In my algorithm, you start by checking for agreement with “A”. You then check for agreement with “A implies B”. And so on, until a point of disagreement is reached. In double crux, you are helping the other person find cruxes by suggesting cruxes for them. You can ask “If you believed C, would you believe D?” Then, if so, “If you believed B, would you believe D?” and so on. Going through the argument backwards like this, you only keep going for so long as you have some assurance that you’ve connected with their model of D. Going through the argument in the forward direction, as in my method, you may recurse into further and further sub-arguments starting at a point of disagreement like “B implies C” and find that you never make contact with something in their model which has very much to do with their disbelief of D. Also, looking for the other person’s cruxes encourages honest curiosity about their thinking, which makes the whole process go better.

Furthermore, you’re looking for your own cruxes at the same time. So, you’re more likely to think about arguments which are critical to your belief, and much less likely to try disingenuous arguments designed to be merely difficult to refute.

A quote from Feynman’s Cargo Cult Science:

The first principle is that you must not fool yourself—and you are the easiest person to fool. So you have to be very careful about that. After you’ve not fooled yourself, it’s easy not to fool other scientists. You just have to be honest in a conventional way after that.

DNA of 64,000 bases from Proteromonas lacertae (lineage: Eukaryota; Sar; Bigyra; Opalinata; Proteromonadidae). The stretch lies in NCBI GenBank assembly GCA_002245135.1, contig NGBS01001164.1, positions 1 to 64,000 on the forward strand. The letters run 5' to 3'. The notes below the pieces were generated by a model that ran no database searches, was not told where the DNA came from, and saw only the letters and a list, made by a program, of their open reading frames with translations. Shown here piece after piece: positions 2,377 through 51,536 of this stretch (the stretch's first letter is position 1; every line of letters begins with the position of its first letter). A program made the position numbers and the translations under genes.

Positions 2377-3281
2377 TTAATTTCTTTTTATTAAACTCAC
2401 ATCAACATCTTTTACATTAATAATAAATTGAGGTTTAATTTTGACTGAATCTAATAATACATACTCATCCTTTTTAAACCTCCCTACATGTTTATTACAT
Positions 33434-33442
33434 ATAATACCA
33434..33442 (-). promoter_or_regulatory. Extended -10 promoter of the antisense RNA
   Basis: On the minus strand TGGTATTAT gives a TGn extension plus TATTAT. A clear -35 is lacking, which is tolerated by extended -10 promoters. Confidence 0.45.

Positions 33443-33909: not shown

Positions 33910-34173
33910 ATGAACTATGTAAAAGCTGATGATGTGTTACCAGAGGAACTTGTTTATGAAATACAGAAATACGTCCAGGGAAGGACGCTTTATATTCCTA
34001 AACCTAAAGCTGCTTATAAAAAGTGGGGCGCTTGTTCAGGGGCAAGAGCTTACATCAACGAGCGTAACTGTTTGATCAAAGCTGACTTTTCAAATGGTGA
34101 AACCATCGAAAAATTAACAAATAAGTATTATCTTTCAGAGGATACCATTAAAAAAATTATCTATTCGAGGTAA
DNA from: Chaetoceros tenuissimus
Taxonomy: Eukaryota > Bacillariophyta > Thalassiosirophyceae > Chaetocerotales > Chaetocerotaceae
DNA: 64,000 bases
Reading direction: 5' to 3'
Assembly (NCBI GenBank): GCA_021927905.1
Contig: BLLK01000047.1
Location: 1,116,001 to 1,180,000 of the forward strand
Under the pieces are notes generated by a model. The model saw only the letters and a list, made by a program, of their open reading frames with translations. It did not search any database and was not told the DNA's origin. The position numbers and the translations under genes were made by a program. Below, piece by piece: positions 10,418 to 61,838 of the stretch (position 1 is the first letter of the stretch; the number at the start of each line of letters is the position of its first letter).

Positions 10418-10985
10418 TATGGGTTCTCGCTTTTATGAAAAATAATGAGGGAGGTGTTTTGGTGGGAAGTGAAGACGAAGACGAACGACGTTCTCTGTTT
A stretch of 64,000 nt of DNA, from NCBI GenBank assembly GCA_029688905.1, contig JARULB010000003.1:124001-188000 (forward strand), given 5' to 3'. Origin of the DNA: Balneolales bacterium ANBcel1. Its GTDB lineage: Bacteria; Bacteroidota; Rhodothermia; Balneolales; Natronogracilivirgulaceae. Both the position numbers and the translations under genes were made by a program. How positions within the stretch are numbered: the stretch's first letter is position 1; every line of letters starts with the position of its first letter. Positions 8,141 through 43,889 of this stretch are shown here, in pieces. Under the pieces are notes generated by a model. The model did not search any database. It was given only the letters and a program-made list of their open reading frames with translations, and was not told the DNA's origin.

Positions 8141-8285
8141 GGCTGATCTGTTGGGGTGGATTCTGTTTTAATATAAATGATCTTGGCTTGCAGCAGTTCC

I would like to add something that’s not essential to the science, but something I kind of believe, which is that you should not fool the layman when you’re talking as a scientist. I’m not trying to tell you what to do about cheating on your wife, or fooling your girlfriend, or something like that, when you’re not trying to be a scientist, but just trying to be an ordinary human being. We’ll leave those problems up to you and your rabbi. I’m talking about a specific, extra type of integrity that is not lying, but bending over backwards to show how you’re maybe wrong, that you ought to do when acting as a scientist. And this is our responsibility as scientists, certainly to other scientists, and I think to laymen.

This kind of “bending over backwards to show how maybe you’re wrong” (in service of not fooling yourself) is close to double crux. Listing cruxes puts us in the mindset of thinking about ways we could be wrong.

On the other hand, I notice that in a blog post like this, I have a hard time really explaining how I might be wrong before I’ve explained my basic position. It seems like there’s still a role for baking arguments forwards, rather than backwards. In my (limited) experience, double crux still requires each side to explain themselves (which then involves giving some arguments) before/​while seeking cruxes. So perhaps double crux can’t be viewed as a “pure” technique, and really has to be flexible, mixed with other approaches including the one I gave at the beginning. But I’m not sure what the best way to achieve that mixture is.